2. a good point to ponder as well is when does an EOC become an intelligence gathering operation? Or do they act as both? I worked for a county skywarn EOC and while most of our information gathering was storm related, we had liaised with 911 to disseminate first responder intel to our storm spotters.

    • I would think that you would want to activate it as soon as the emergency became eminent and begin gathering intelligence for dissemination to your group. 🙂

  3. I can lend some insight from working in data centers, aka a “NOC”.

    A computer is nice for organization and visualization while the power is on and the Internet is still working, but be sure it’s a laptop, or several of them. They will run on battery, plus you can buy several UPS to keep all of the electronics/radios running long enough to switch to generator. The EOC should absolutely have a generator. Label devices according to how vital they are, so you can power down less important ones in stages as the fuel runs low. There should also be a 4G router to act as an Internet backup, perhaps even satellite service. Don’t depend on wifi, so have everything hard-cabled which can be. If your PC doubles as your TV, also have another independent TV. It’s good to have multiple-purpose devices, but not if there are no backups for each function.

    Keep in mind that EMP could wipe out all of your electronics, so avoid being dependent on them. Keep shielded back-up equipment to set up a new EOC when it’s safe to do so again. It’s even good to have a back up EOC site with it’s own set of equipment and backups.

    You’ll want back-up lighting, battery-powered lanterns, chemical glow sticks, even candles and kerosene lamps. There are crank-powered radios and lights too. A back-up heater is also a good idea. Build the EOC in a dry, flood-free basement, so it tends to keep cool by itself in the summer. Try to use up the renewable energy devices first, before falling back to the single-use ones.

    You need written contingency plans for operating without computers, without power and other situations. When the nukes are flying, you don’t have time to browse websites about building shelters and taking iodine. Your information should already be physically there on-site, and you should have these printed out and organized in binders for instant access. Other members of the group should have copies, too. Everyone should have contact info, procedures, chain of command, and meeting places printed out, and carry them with them at all times. Copies for all of the vehicles. And copies on thumb drive. Revisions can easily be sent out via email.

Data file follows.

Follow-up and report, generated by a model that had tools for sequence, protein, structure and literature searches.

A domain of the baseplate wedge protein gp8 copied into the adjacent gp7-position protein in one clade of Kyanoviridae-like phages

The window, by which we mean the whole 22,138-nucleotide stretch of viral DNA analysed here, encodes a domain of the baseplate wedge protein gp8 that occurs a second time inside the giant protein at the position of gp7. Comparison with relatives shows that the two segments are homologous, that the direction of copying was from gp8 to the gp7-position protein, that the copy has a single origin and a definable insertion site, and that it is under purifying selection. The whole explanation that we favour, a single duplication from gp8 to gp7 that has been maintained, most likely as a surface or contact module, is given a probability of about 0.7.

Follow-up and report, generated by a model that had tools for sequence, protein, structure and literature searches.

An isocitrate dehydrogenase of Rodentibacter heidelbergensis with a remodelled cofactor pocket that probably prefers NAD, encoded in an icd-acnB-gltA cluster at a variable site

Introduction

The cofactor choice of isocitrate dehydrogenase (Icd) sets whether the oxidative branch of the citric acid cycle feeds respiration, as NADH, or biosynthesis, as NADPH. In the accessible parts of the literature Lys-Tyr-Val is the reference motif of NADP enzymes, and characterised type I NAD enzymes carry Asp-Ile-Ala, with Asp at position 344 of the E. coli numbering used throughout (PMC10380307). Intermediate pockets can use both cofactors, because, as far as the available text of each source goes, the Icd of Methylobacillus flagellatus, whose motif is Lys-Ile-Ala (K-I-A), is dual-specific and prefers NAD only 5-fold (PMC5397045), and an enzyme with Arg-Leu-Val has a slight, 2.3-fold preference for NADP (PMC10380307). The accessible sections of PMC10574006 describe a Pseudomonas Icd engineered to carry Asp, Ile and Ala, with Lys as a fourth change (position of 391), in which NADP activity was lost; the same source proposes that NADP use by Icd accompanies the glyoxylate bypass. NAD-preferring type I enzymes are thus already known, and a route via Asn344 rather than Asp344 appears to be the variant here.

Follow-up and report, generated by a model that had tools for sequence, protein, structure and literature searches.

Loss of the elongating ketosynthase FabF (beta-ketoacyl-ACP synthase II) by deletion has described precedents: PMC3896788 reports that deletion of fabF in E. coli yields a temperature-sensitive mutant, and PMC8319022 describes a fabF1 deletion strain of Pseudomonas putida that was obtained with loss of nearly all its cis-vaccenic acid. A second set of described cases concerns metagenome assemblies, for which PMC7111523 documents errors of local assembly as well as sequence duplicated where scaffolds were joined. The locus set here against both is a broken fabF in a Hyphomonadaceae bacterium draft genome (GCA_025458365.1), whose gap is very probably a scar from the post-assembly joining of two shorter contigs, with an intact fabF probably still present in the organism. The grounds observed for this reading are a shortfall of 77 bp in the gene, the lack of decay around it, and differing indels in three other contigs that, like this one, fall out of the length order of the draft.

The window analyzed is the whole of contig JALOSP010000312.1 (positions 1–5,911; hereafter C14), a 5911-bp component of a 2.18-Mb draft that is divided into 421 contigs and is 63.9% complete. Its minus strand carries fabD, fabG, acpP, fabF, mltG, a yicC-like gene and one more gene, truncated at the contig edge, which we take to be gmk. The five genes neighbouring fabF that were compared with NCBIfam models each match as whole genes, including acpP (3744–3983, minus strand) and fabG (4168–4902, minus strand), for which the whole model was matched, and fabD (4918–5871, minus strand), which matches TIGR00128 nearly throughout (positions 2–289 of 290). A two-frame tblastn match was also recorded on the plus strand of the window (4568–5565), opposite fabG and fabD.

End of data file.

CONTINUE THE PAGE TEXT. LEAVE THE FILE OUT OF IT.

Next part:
Provide a base station for FRS/MRS radios and a CB in addition to that ham and VHF radio. While the internet is up, you may be able to monitor local police/fire/ems/other radio via If you have your own scanners, you could even contribute these stations to the Internet. A weather alert radio is a good idea.

    The EOC should be a single point of contact for the group even in normal times. This keeps the EOC staff in practice, and gets folks used to actually listening to the EOC and doing what they say. Get the group in the habit of calling the EOC to report any llittle thing they see and hear.

    Having a pair working together is a good idea, and they can discuss what signs they are seeing, and what they may need to do in response. This keeps each other alert, and catches situations the other might overlook. The EOC should continuously absorb the information coming in to them, and rehearse what they’ll do next if things go sour. Keep their minds busy thinking about how they can use the info they see, to help the group in real-time. Every trivial event should be journaled, preferably on paper first. You could also put your team to work monitoring security cameras at the group member’s homes and bug-out locations.